Longitudinal associations between features of toxic masculinity and bystander willingness to intervene in bullying among middle school boys

Katherine M Ingram, Jordan P Davis, Dorothy L Espelage, Tyler Hatchel, Gabriel Merrin, Alberto Valido, Cagil Torgal

Research output: Contribution to journalArticlepeer-review

Abstract

Bystander intervention (i.e., a third party decides to defend a victim when witnessing a conflict) has been identified as an effective strategy to resolve bullying incidents (O’Connell, Pepler, & Craig, 1999). Researchers suggest that student willingness to intervene (WTI) is a robust predictor of bystander intervention (Nickerson, Aloe, Livingston, & Feeley, 2014). Toxic masculinity has been defined as “the constellation of socially regressive [masculine] traits that serve to foster domination, the devaluation of women, homophobia, and wanton violence” (Kupers, 2005, p. 71). Though some aspects of toxic masculinity (e.g., low empathy) have received some empirical attention regarding their role in determining prosocial behavior, many aspects of toxic masculinity have not. Little research has examined how constructs such as attitudes surrounding bullying and sexual harassment, social dominance orientation, and homophobic bullying are related to longitudinal changes in WTI across adoles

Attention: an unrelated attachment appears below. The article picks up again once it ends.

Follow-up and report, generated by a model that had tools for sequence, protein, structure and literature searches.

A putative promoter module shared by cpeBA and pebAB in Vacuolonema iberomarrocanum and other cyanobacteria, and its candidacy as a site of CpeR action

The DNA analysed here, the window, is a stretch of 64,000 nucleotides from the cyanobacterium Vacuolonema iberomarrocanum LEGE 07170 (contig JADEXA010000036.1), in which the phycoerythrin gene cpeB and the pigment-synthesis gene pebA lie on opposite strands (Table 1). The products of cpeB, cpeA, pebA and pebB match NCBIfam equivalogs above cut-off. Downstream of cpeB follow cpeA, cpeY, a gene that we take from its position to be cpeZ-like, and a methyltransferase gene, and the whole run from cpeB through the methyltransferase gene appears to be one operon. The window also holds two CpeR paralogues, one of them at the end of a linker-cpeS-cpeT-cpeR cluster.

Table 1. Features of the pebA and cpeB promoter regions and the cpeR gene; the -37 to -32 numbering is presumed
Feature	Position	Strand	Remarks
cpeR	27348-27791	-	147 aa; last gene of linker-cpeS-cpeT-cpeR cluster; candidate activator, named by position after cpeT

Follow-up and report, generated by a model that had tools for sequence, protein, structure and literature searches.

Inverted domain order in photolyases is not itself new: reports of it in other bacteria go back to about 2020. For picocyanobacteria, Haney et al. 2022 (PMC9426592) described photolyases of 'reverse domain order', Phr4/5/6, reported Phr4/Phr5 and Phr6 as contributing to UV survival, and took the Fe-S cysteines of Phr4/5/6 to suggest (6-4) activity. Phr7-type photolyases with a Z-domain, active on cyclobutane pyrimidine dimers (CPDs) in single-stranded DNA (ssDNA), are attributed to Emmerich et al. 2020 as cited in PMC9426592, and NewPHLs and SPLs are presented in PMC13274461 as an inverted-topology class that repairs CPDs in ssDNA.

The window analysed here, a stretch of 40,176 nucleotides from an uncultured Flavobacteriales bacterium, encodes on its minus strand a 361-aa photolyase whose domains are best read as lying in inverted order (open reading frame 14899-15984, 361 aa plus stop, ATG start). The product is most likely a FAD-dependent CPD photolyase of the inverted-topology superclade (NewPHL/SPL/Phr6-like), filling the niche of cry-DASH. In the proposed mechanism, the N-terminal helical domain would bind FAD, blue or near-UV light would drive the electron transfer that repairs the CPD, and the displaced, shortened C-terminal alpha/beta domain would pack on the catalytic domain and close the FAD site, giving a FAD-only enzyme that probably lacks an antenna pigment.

Original languageEnglish
Pages (from-to)139-151
JournalJournal of School Psychology
StatePublished - Dec 16 2019

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